Amanda, I spend the majority of my time talking with senior business leaders and middle managers. As a Boomer myself, I understand your premise that the world has changed significantly since Boomers and Gen Xers grew up. Those different economic and political forces have shaped how millennials, and now Gen Z, see the world. In addition, these factors tend to create massive gaps in communication, values and skills.
JTH: How do you help companies and leaders better understand next-generation talent, specifically millennials?
AH: We must know and understand our audience to build bridges. For me, that means I need to get “buy-in” from executive leaders on the importance of understanding the next generation of talent. Then we can focus on building the bridges to address the gaps. To accomplish that, I speak to executive leaders in a language they understand — MONEY. I ask, what is NOT understanding and NOT building bridges to next-generation talent actually costing your bottom line? When they see those dollars missing, their perspectives immediately change from “this is a nice to have” to “this is a business imperative to ensure the long-term viability of our company.”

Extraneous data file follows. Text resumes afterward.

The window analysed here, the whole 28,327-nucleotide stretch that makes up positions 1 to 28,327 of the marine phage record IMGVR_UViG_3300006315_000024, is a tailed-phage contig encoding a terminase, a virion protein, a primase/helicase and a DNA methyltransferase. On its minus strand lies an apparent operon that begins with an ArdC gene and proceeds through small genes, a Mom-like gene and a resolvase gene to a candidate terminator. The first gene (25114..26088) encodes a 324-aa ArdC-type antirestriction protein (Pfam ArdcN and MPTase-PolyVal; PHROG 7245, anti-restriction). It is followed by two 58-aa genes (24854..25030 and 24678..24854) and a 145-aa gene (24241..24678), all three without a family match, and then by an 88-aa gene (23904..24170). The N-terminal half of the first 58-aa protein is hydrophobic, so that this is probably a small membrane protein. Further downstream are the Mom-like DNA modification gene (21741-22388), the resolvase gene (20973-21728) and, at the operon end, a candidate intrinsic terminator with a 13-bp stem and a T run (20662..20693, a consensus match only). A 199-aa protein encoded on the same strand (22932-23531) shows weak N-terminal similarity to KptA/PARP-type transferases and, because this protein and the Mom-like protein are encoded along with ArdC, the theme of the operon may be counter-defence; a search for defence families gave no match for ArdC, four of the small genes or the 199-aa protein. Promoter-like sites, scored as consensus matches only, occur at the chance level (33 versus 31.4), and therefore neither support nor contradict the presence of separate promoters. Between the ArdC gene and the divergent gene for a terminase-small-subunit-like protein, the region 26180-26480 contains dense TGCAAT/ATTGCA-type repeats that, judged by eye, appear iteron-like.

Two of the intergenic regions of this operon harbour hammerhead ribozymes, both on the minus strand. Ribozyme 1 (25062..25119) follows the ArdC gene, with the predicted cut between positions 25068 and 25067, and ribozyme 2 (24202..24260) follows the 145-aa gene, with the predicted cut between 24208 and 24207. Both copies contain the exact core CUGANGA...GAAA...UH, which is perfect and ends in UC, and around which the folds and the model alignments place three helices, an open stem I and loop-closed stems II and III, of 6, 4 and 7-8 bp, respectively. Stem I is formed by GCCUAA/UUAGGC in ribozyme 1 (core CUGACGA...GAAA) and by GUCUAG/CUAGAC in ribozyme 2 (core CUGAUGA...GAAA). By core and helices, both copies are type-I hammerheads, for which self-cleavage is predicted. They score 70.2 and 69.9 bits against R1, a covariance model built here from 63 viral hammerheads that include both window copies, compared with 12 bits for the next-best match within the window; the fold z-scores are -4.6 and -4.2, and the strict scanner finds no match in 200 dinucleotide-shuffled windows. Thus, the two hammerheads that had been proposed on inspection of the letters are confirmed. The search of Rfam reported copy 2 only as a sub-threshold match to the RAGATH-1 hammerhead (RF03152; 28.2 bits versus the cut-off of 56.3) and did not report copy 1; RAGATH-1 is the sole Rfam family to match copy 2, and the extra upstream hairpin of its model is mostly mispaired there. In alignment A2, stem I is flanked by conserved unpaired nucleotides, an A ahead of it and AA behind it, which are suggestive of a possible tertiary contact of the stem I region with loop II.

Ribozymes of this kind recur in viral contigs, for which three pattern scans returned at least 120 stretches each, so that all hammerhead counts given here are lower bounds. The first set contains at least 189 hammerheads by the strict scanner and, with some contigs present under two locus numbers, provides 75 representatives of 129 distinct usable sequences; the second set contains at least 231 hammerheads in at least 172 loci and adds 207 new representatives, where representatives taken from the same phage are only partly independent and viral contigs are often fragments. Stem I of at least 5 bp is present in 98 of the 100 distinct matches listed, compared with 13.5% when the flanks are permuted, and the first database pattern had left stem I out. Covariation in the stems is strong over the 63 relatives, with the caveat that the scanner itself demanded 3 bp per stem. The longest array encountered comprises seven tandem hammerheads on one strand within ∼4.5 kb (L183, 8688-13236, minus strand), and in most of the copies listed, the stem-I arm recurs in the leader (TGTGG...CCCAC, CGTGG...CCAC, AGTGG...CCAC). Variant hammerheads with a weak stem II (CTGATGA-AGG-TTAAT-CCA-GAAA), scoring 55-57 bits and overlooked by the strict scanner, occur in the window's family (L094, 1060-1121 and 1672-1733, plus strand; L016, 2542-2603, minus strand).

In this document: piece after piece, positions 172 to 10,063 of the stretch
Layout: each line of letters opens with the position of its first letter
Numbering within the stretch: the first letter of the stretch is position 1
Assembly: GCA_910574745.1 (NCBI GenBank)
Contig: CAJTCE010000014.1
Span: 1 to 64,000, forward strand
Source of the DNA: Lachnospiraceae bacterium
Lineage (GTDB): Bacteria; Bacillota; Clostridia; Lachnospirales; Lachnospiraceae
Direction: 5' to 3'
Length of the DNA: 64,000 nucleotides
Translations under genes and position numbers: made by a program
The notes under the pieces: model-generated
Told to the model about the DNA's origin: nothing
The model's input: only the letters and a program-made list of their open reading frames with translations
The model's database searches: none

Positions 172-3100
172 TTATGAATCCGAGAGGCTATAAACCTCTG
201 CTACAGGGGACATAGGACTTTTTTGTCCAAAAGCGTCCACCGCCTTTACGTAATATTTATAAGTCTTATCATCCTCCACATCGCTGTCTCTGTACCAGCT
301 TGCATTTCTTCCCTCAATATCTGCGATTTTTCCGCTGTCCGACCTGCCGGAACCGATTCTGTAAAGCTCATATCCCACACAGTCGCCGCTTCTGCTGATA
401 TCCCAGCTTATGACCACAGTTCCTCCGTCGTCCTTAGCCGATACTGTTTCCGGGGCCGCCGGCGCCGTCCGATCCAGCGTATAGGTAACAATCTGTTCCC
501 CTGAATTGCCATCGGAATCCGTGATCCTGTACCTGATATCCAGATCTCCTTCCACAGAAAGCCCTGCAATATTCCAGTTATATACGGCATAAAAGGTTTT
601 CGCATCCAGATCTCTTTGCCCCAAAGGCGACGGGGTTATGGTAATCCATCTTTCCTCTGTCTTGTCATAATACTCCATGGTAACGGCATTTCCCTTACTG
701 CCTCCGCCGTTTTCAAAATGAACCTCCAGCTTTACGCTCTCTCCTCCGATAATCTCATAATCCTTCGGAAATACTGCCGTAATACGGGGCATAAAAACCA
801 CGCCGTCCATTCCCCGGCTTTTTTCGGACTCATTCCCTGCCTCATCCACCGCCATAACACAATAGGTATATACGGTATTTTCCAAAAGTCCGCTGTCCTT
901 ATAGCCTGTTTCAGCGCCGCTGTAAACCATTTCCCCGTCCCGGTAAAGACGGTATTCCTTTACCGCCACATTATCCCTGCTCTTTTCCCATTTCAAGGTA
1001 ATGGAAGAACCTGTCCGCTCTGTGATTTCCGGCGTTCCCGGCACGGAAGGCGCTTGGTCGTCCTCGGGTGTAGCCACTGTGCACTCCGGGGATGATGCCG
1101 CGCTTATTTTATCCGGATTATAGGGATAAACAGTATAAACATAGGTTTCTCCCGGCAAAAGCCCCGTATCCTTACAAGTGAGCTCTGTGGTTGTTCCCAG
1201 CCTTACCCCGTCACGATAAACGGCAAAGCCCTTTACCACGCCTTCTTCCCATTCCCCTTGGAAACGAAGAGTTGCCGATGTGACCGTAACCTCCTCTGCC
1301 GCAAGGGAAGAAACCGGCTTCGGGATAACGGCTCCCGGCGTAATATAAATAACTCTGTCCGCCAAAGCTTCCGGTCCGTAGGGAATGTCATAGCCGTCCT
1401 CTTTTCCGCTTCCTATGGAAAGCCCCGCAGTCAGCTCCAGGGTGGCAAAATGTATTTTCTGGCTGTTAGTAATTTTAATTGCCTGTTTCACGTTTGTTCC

Once we have “buy-in,” we can look at the five major points where next-generation talent is making the decision to disengage and eventually leave their companies. Our data gathering allows us to isolate issues within the company and many times, those issues for our millennial and Gen Z women boil down to the broken rung. I have seen companies lose phenomenal women because their culture and perception of who will be successful leaders have not evolved. We live in a world where information is freely available. People in your industry know who the true rock stars are. If you aren’t willing to recognize these women, someone else will. It happens all the time!